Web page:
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Momentum and Angular Velocity Question

  1. Aug 29, 2010 #1
    1. The problem statement, all variables and given/known data
    A ring of mass m free to slide on a fixed smooth horizontal wire is attached to one end of a string of length 60cm. The other end of the string is attached to a particle of mass 2m. The ring and the particle are initially held at the same horizontal level with the string taut. If the system is now released, find the angular velocity of the string when it makes an angle of 60 degrees with the vertical.


    2. Relevant equations

    conservation of momentum and energy

    3. The attempt at a solution

    When the string makes an angle 60 degrees with the vertical,
    momentum in horizontal direction is conserved....
    2mv=mu
    i.e. u=2v.....where v is the horizontal component of velocity of mass 2m
    I am not getting the concept after this. Please help
     
  2. jcsd
  3. Aug 29, 2010 #2
    Does the problem mention anything about the ring's radius?
     
  4. Aug 30, 2010 #3
    No, nothing is mentioned about it.
    I guess it is negligible
     
  5. Aug 30, 2010 #4
    Okay, then I guess the problem implies that initially the mass is held at the same height as the ring such that the string is along the wire. Correct? If so then here are some hints:
    _ The mass's velocity has 2 components: horizontal v_h and vertical v_v. From the momentum conservation law, you can find the relation between the ring's speed u and v_h.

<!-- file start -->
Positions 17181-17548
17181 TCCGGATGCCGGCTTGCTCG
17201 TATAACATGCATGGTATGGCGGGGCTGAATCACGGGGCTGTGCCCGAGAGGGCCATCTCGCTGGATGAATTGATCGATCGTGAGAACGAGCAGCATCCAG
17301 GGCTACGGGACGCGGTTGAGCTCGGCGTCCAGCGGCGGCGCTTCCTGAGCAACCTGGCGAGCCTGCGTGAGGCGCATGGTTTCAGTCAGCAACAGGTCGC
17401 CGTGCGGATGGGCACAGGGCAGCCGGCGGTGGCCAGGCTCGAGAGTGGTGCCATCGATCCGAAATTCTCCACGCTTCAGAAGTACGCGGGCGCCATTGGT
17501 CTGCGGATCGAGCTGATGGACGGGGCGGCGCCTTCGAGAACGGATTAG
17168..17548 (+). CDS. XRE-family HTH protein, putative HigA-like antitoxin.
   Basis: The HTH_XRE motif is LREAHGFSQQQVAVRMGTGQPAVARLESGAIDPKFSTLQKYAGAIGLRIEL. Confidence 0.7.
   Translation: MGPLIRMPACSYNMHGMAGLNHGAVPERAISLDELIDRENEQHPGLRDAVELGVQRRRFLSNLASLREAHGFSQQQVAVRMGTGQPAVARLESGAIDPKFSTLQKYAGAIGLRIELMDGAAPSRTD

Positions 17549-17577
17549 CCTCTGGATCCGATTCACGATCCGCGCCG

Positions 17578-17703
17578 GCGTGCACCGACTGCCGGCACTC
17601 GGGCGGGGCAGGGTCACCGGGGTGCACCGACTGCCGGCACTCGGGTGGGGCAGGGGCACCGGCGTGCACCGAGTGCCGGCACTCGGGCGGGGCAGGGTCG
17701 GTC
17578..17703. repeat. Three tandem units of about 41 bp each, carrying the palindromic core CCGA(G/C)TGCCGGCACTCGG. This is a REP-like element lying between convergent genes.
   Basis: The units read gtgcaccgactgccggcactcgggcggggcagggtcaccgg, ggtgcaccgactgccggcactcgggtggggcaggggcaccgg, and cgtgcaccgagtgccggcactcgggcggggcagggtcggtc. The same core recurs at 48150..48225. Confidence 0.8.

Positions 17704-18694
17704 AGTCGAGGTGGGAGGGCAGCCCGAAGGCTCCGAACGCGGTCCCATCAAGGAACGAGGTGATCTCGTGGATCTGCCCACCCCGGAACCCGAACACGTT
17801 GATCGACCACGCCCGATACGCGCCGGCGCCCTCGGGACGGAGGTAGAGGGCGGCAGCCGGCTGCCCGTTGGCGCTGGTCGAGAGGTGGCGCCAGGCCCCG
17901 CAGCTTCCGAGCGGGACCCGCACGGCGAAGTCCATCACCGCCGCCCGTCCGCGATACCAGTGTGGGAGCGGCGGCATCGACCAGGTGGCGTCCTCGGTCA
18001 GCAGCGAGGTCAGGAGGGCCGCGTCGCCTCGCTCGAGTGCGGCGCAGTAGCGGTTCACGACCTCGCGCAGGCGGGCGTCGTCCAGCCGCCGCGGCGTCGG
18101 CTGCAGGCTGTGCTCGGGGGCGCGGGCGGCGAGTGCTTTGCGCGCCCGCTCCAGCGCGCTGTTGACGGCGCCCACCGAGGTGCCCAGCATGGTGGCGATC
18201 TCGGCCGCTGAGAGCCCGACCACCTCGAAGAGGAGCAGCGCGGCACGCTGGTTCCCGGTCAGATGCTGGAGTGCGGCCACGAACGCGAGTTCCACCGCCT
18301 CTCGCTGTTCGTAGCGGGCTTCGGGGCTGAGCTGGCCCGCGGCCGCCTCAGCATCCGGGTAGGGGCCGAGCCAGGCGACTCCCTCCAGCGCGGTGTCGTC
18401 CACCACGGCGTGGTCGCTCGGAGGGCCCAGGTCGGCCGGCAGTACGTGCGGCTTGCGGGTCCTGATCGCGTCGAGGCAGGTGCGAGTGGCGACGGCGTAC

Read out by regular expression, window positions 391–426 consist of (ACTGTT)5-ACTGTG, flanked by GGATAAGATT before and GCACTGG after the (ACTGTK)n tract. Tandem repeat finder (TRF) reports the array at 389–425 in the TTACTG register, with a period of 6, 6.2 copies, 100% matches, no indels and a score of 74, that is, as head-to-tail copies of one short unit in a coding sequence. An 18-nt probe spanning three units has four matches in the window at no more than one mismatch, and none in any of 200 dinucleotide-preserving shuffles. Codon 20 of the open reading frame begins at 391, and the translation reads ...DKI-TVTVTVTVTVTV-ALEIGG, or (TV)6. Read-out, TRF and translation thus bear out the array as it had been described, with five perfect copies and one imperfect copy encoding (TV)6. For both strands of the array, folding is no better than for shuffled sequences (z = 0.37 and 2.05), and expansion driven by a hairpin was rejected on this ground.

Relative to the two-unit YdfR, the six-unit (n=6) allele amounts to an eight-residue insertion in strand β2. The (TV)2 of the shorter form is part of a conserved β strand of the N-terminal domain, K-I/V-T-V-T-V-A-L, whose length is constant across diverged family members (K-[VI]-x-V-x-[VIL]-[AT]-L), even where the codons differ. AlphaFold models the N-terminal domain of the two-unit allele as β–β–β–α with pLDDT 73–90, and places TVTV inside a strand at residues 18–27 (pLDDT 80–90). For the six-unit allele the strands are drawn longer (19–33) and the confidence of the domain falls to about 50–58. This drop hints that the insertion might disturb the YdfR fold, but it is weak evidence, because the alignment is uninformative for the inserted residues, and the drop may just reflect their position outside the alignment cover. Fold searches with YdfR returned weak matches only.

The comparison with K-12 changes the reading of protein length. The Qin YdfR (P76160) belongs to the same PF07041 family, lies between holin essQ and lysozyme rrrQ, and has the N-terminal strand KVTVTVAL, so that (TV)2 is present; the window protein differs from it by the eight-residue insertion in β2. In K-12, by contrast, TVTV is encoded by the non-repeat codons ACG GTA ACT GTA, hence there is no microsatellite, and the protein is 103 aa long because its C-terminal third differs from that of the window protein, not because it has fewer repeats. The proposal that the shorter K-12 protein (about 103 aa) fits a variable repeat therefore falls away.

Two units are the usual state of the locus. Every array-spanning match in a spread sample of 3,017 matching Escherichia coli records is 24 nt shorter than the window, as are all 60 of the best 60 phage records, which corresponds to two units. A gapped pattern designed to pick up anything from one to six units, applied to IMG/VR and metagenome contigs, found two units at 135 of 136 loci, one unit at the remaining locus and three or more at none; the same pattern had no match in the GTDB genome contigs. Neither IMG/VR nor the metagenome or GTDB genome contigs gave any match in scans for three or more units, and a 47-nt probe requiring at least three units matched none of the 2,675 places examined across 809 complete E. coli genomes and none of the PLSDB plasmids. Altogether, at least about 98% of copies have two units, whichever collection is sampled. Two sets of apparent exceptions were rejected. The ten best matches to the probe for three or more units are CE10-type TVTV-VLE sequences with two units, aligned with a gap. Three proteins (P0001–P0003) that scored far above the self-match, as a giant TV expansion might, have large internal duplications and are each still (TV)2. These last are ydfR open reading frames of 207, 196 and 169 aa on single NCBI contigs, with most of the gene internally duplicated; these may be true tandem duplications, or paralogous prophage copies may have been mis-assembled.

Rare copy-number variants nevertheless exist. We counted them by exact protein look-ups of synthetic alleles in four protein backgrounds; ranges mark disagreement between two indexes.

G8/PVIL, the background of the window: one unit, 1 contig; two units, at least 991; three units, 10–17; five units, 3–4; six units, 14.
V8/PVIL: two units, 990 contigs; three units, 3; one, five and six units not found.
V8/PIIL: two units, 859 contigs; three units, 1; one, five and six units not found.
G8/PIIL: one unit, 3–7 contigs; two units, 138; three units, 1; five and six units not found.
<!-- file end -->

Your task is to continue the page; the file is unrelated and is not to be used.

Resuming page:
_ There is a geometric restriction: the string must always be stretched, i.e. the distance between the ring and the mass is constant. That means, the projection of ring's velocity on the string = the projection of the mass's velocity on the string. From this condition, you can find the relation between u, v_h and v_v.
    _ The 3rd equation is the energy conservation equation.
    You have 3 equations with 3 unknowns ---> solvable, right? :wink:
     
  6. Aug 30, 2010 #5
    Sir,
    I got the first and last hints...
    but in the second one, the direction of the velocity of mass is perpendicular to the string at every instant during its motion i.e. it has no component along the string ( as it is perpendicular )...please clear this
     
  7. Aug 30, 2010 #6
    Eek, I'm not that old to be called "sir" :biggrin:

    This is where you got it wrong (the bold part). Only when the mass performs a circular motion is its velocity perpendicular to the string. But that's not this case. Because the ring also moves, the mass is not in circular motion.

    To go from the root, actually that "the velocity of mass is perpendicular to the string at every instant during its motion in circular motion" also come from the same geometric restriction: The length of the string, or more exactly, the distance between the mass and the center is constant. Because the center in circular motion is fixed, its velocity is zero, which means its component along the string is also zero. In order to satisfy the restriction, the component along the string of the mass's velocity must also be zero.

    (But this is true only when the string is stretched, i.e. the distance between mass & center is fixed. Otherwise, the restriction is broken)
     
  8. Aug 30, 2010 #7
    lol...ok I will call u bro.
    Can u just derive the equation of second hint? I still have some difficulty in it.
     
  9. Aug 30, 2010 #8
    Along the string (the red arrow):
    _ Component of ring's velocity: [tex]usin\phi[/tex]
    _ Component of the mass's velocity: [tex]v_vcos\phi-v_hsin\phi[/tex]
    The restriction leads to: [tex]usin\phi=v_vcos\phi-v_hsin\phi[/tex] at all time.
     

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  10. Aug 31, 2010 #9
    Thanks alot bro...that really helped :)
     
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